The perilous 1,000-mile journey to save Africa’s endangered black rhinos
28 Oct 2022
“We are very excited to be in Africa for the first time, but we understand why we are here – we are here to learn so that we can take the message of rhino protection and conservation back to our country.”
These were the sentiments of a group of 12 Vietnamese school-going youth who, as winners of the Wild Rhino Competition, set off this week on a 5-day educational wilderness trail facilitated by the Wilderness Leadership School in the Hluhluwe-iMfolozi Game Reserve, KwaZulu-Natal. The purpose of the trail is to nurture awareness, insight, empathy and understanding – allowing these young students to return home as dedicated and informed emissaries for conservation and rhino protection. A second group of 10 young Wild Rhino competition winners will arrive in South Africa for the same experience on 28 June.
As they packed their backpacks with only the bare essentials on Monday (22 June), many of the young rhino warriors expressed their excitement, but also slight nerves, at the prospect of their first ever experience walking amongst wildlife and sleeping under the stars. However, with experienced guides and rangers at their side, nerves soon gave way to awe and wonder as the group made their way into the wilderness.
Adding to the excitement was the presence of Vietnamese popstar Thanh Bui who joined the young students on the trail. Thanh, with the support of Soul Music Academy, has been an ambassador for and integral part of the Wild Rhino Competition, since its launch in 2014. He was very happy to learn that the children had been requested to leave all manner of technological devices behind while on the trail: “Technology takes over our lives and skews our perspective. Most of our youth have never had the opportunity to learn how precious our natural heritage is. This is what experiences like this one is all about – it is much more than just about rhino, it is about focusing on and essentially reconnecting with nature as a whole.”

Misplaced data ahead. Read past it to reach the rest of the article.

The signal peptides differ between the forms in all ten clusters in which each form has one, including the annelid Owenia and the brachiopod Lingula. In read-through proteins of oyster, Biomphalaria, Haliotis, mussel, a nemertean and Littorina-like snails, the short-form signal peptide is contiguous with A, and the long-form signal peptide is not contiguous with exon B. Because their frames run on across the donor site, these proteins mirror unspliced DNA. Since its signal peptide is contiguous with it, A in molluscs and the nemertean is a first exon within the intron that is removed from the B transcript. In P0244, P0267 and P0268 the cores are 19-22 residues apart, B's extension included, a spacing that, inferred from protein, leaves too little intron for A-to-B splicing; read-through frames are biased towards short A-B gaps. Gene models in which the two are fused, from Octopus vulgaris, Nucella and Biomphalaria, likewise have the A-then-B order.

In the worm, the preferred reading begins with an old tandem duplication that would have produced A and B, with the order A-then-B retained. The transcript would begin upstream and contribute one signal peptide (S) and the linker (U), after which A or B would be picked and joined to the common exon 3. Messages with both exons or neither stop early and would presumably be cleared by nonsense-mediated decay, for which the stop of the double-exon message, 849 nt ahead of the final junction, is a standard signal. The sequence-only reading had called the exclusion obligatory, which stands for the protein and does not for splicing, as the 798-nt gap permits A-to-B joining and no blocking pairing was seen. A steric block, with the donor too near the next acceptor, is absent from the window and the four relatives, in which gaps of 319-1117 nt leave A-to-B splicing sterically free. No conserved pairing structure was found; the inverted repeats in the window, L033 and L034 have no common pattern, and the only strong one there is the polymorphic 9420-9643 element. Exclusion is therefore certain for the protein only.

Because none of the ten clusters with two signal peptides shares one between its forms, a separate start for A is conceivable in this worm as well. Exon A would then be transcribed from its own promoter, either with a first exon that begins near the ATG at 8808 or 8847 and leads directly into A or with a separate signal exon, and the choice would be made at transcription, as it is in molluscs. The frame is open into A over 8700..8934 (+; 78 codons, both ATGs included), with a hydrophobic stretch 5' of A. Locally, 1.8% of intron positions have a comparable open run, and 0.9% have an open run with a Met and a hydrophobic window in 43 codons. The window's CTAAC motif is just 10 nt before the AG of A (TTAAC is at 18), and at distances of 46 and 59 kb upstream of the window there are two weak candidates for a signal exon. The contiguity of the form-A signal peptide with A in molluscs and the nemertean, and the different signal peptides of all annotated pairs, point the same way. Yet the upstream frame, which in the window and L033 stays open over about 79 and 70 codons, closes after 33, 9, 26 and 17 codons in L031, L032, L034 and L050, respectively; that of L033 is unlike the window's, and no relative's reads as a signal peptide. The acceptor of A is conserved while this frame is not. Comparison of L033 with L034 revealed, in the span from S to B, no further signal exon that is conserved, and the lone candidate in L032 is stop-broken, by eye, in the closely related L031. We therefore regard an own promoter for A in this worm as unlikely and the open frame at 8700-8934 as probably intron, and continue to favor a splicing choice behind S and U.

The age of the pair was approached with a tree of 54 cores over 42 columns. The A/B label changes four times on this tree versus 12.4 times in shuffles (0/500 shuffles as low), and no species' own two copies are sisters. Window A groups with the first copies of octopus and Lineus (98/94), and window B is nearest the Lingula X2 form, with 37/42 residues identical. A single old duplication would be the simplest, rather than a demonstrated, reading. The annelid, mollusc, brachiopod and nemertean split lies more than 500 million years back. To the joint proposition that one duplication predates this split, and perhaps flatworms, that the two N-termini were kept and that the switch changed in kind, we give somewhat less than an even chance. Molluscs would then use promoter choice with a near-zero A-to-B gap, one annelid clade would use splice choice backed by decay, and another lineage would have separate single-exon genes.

Besides attending the 5-day wilderness trail, the students and Thanh will spend time with rhino calves orphaned as a result of poaching, and also participate in educational workshops faciliated by the Wilderness Foundation, where the students will be assisted in developing strategies on how to share their message of conservation with their community.
“As part of their competition entry, the winners of the senior Wild Rhino competition have already crafted plans for reducing demand for rhino horn in Vietnam. We believe that as Rhino Youth Ambassadors for the Wilderness Foundation, their experience and the information they learn will allow them to refine these plans and take home a strong message to their family, friends and peers. We are tremendously excited by the opportunity presented by these young ambassadors to raise awareness, an instrumental part of our broader demand reduction strategy,” says Matthew Norval, Chief Operations Officer, Wilderness Foundation.
The Wild Rhino Competition, presented by Wilderness Foundation in partnership with Investec Rhino Lifeline and Peace Parks Foundation, forms part of a broader strategy aimed at curbing the demand for rhino horn in primary user countries such as Vietnam. 15 000 Vietnamese youth from 12 international schools in Ho Chi Minh City were invited to enter the competition, and nearly 1 500 entries were received. The junior entries comprised either a poem or a picture and the senior entries an essay on how the youth could educate their friends and family on the plight of the rhino. The 22 senior students who submitted the most substantial ideas, were chosen as winners of a rhino conservation experience in South Africa.
Through its Rhino Protection Programme (RPP), Peace Parks Foundation has made a significant financial contribution to make the launch and roll-out of this competition possible. The RPP is implemented under the auspices of the South African Department of Environmental Affairs in partnership with South African National Parks, Ezemvelo KZN Wildlife and Peace Parks Foundation. The roll-out of the multi-faceted programme is made possible through funding from the Dutch and Swedish postcode lotteries.
Werner Myburgh, CEO of Peace Parks Foundation, reaffirmed that strategies to reduce the demand for rhino horn in Asian countries, is a key component in the war against rhino poaching: “The senseless poaching of the iconic rhino species will only stop once rhino horn consumers fully understand the devastating consequences of their actions and take responsibility for changing their behaviour. Peace Parks Foundation is therefore proud to be associated with an education campaign that empowers the future leaders and decision-makers of Vietnam with the insight, knowledge and passion they need to be a voice of reason in their society.”
Said Tanya dos Santos, of Investec Rhino Lifeline: “We chose to partner with Wilderness Foundation, as an established and credible organisation that is doing something different to save the rhino by proactively addressing the demand for rhino horn in countries that use it.”